My Lords, as my contribution is relatively brief, perhaps I may take half a minute to say how much I agree with the noble Earl, Lord Listowel, who, alas, is not in his place at the moment, on the importance of early years—the first two years of a child’s life—and the influence that that can have on the whole of the rest of the child’s life. It will also become apparent as I say my little piece that I closely agree with the noble Baroness, Lady Massey, who, alas, is also not in a place. These things will happen.
The gracious Speech looks forward to further development of the Government’s policy on education. During the past year, major changes have been made to education policy and much more emphasis has rightly been placed on the basic skills of reading, writing and numeracy. Perhaps more importantly, a new and much more prescriptive national curriculum has now been introduced and will effectively be mandatory in all maintained schools. However, for all other subjects and for all extra-curricular activities in a school, it will be up to the school, its head and the governing body to decide the school’s priorities.
The Secretary of State, who I greatly admire, is rightly searching for greater rigour in teaching the basic skills of reading, writing and numeracy. This makes absolute sense. I can also see that there is a case for a new and compulsory national curriculum but I fear that the Government’s proposals for it may give rise to some unintended and undesirable consequences. My first concern is that there is a real danger that in some schools the compulsory and more demanding new curriculum may crowd out other facets of education. My second is about the possible effect of a more demanding curriculum on the self-esteem and self-confidence of less academically talented children.
On the first point, each school’s resources are finite in terms of both finance and well qualified staff. Each maintained school has the same per capita payment for every pupil on its roll, plus a further payment for every child from a disadvantaged background. This additional payment has, I am happy to say, recently been raised from £400 to £600 a year. However, there is a real danger that schools will decide that they have no option but to spend what it takes to deliver the new national curriculum—and then, if there is not much left, that is just too bad. I am particularly concerned that this may happen in schools with a high proportion of children from disadvantaged backgrounds. Inevitably, some of those children—perhaps many—will take far longer to learn the new compulsory national curriculum than children from more supportive families. I very much doubt whether the £600 bonus per child for disadvantaged children will be anything like enough to cover the extra cost of bringing children from a disadvantaged background up to speed on the proposed new academic curriculum, let alone leaving much over for all the other important subjects about which the noble Baroness, Lady Massey, spoke: drama, sport, the PSHE curriculum, citizenship and personal and social skills.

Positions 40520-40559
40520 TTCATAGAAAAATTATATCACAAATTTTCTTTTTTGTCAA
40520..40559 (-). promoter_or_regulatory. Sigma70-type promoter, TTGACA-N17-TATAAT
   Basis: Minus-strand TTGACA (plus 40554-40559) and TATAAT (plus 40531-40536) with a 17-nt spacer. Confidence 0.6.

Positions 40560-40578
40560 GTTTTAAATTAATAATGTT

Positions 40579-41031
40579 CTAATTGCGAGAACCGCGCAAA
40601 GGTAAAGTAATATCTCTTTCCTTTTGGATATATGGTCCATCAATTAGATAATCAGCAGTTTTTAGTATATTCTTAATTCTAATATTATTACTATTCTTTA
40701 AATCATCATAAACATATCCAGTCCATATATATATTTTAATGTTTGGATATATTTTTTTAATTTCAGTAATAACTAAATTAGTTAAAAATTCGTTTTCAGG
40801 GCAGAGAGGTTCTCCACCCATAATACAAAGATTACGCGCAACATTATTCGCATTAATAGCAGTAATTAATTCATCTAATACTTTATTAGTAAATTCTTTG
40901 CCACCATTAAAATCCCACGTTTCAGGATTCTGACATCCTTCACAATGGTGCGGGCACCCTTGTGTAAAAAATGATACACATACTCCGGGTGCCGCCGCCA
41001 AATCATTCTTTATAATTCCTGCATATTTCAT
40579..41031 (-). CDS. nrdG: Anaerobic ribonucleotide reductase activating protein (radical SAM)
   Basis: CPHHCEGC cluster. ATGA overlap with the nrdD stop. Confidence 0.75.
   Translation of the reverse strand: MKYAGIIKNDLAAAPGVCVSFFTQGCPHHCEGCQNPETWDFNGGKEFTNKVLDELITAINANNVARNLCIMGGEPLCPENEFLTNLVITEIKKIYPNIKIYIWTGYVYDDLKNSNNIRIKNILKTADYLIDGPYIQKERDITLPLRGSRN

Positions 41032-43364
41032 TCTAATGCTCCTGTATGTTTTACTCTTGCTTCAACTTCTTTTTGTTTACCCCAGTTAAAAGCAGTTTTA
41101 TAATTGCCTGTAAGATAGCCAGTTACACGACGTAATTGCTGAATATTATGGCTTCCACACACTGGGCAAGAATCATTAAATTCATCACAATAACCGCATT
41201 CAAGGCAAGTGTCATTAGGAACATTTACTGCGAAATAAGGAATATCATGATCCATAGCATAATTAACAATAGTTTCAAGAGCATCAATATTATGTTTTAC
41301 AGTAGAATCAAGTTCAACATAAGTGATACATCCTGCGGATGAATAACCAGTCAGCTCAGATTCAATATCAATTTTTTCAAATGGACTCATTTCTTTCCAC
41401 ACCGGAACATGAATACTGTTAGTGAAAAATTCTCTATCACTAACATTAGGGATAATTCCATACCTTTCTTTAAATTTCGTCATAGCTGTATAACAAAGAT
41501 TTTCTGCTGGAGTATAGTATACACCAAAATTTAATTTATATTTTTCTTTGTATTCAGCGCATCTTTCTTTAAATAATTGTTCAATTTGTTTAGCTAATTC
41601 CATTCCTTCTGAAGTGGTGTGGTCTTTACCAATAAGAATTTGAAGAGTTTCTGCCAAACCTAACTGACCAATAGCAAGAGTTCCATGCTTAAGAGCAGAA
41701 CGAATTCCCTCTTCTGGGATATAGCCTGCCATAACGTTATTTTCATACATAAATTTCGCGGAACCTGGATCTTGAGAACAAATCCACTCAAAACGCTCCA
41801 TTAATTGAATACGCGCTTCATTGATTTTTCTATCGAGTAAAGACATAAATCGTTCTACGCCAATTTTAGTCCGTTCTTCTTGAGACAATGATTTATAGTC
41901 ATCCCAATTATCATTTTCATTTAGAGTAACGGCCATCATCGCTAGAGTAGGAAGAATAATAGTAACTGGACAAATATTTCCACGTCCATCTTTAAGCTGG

My second concern relates to self-confidence. One of the most important roles of schooling, particularly in a society where so many families are dysfunctional, is to build each child’s sense of self-worth. In a report three years ago, Ofsted looked at two groups of schools that it had rated “outstanding” in spite of being located in very disadvantaged communities. Importantly, Ofsted, which was looking for what was common to all those schools, found that among them a brilliant headmaster was important, as were dedicated staff, but what particularly interested me was that in each of those schools, every child believed that they could succeed. Self-confidence is an essential building block for a child’s success, in school and in life. I fear that the national curriculum may be a disaster for some children, if it means that they have to be set academic hurdles at which they are not able to succeed.